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Discussion Starter · #1 ·
AHHHHH!!!

I was doing a hive inspection today and while doing it, I saw what looked like the queen outside on the grass.

Upon closer inspection, it was the queen and it was injured (aka had some of it's guts hanging out of the abdomen). I picked it up and put it back inside.

I definitely have to replace the queen now right??

Also, should I buy a queen to replace it,
or
let the hive do it's own thing and maybe let it raise a new queen,
or
will the hive just keep the original queen for now??

also,
I tried foundationless with this hive and I don't think I'm going to do it again. The frames were built out too thick and deep and became more work than it was worth.
 

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The queen is finished. Sounds like you probably rolled her pulling the frame she was on, as you noted the "thick" comb probably facilitated this to some degree. One of three options at this point 1) buy a mated queen, 2) add a cell if you can find one, 3) let them make their own queen. You can search all of these options here on beesource for more info. Good luck
 

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If the hive is strong, I'd just let the bees make their own queen to replace her. It will disrupt the mite brood cycle, and give you a fresh young queen for next year.

The frames were built out too thick and deep and became more work than it was worth.

The only thick, deep frames I have seen in the broodnest were a result of improper spacing. If you space the frames too far apart, they draw out the honey storage cells thicker at the top of the frame, and when they make drones at the bottom of the frames it is very easy to kill the queen.
 

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Yup, you rolled her. Frost, when you do an inspection, alway do what you can to take one frame out of the hive and set it aside. This ensure you have enough space so you can space one frame, remove another, On a super, i remove 2 frames due to spacing. When your doing your inspections and you are deep into one, you need to see if you can learn to find the queen. I ALWAYS make sure i am looking for her on a deep inspection and when i find her, I carefully put that frame back where it was, then space it over the the area where i removed the frame....so i know exactly the vicinity she is in. I have been lucky and not rolled one, but boy i ALMOST did one time.....
 

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If the "guts" were hanging out her rear end, that may have been a virgin returning from a mating flight! The guts would be the sperm sac from the drone.
 

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When replacing your frames after inspection, do you push all the frames to one end so there is space at the other for first frame removal, or do you center the stack in the middle of the box. I dont want to hijack his post but ive been wondering this.
 

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Discussion Starter · #7 ·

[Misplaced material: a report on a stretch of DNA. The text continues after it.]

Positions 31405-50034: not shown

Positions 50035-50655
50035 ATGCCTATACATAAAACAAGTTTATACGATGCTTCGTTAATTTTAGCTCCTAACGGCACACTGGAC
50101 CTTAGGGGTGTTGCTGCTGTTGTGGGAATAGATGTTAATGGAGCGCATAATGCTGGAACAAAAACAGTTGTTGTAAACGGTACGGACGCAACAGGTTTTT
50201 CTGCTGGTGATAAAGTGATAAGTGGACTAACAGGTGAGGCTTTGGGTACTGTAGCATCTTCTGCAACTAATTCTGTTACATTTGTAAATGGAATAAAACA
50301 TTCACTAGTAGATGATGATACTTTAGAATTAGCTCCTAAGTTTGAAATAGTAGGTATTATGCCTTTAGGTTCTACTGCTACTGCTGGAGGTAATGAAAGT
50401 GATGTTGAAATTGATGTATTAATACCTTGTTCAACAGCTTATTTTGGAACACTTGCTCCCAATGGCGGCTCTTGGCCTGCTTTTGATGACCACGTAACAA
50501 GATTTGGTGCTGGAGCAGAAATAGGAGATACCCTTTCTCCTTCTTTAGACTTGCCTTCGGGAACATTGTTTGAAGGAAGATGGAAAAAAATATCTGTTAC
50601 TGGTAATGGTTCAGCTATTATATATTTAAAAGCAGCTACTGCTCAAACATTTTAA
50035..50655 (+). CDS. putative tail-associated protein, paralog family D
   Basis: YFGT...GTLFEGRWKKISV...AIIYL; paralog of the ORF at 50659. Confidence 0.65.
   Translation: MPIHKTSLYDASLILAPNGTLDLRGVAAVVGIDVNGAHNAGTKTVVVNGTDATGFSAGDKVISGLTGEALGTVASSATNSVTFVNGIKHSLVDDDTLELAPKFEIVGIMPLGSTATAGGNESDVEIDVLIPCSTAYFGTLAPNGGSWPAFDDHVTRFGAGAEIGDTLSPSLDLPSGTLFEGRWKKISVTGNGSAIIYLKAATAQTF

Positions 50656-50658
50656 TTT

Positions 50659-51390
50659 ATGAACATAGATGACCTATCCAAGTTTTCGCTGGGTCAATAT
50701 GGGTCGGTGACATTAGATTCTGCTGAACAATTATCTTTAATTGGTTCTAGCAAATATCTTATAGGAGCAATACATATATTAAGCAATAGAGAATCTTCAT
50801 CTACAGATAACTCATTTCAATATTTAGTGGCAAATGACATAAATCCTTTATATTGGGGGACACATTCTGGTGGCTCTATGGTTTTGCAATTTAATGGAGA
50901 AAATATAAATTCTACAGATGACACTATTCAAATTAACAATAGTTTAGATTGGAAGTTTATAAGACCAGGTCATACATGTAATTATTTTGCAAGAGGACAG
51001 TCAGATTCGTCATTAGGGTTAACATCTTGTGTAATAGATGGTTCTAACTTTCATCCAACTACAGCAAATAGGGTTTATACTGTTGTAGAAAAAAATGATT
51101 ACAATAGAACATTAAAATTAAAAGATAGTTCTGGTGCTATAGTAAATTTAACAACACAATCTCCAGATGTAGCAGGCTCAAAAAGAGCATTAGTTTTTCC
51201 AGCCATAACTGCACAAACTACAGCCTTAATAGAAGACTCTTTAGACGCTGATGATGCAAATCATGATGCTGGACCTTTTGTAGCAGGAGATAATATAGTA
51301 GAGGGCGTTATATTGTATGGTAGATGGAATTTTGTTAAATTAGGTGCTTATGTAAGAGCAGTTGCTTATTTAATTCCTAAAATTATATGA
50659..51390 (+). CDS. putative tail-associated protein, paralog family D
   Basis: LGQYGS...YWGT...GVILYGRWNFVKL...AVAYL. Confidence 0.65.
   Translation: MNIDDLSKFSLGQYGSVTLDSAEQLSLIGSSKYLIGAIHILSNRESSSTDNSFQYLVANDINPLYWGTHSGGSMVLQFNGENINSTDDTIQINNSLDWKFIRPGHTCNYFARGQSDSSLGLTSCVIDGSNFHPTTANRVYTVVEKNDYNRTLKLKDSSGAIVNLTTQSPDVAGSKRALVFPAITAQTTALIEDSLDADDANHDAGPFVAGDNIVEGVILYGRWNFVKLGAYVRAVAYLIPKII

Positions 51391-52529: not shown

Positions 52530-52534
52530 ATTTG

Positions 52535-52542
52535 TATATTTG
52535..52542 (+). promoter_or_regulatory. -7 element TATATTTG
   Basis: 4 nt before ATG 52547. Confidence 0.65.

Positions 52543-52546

Letting them raise their own queen seems like it'd be good. But since it's already August 6th and doesn't it take about a month for a new queen to get up and running? Won't that not leave enough time for preparations for winter?

Also, if I were to let them raise their own queen, should I leave the hive alone for now and then check on it in a week?

When I did the inspection, I directly took off the top hive body and put it on the flipped outer cover. And somehow I slightly squished the queen.

The "guts" on the queen were "guts". It had already been laying since I got the hive as a nuc in late-May. Also the guts were on the side of the queen, not the tip.
 

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I'd advise you to buy a queen. You're absolutely correct that it's a bit late to requeen "naturally". Besides that, your hive's population will be so low that it won't be able to make much of the fall nectar flow. And anytime the population dips, it's a risk for diseases and (more commonly) pests like SHB and wax moths that they can keep at bay normally.

That's my opinion, anyway!
 

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If the "guts" were hanging out her rear end, that may have been a virgin returning from a mating flight! The guts would be the sperm sac from the drone.
Am i the only ione cringing thinking about that?
 

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Discussion Starter · #11 ·
So I ordered a new queen and going to pick it up soon.

I was trying to find the old injured queen and couldn't find it anywhere on the 20 frames. Is it possible that it already died, since the hive wasn't very aggressive?

Also, I found a bunch of queen cells. When I introduce the new queen, should I remove the queen cells? Or will the new queen take care of them?

Also, for curiosity's sake, since I heard about royal jelly being super healthy and what not, I tried some, and it tasted sort of spicy or something. Not very tasty like honey...
 

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If you found a bunch of queen cells, then odds are she is dead and they are trying to make a new one.
When I place a bought queen, I usually go thru and pinch off queen cells.
 
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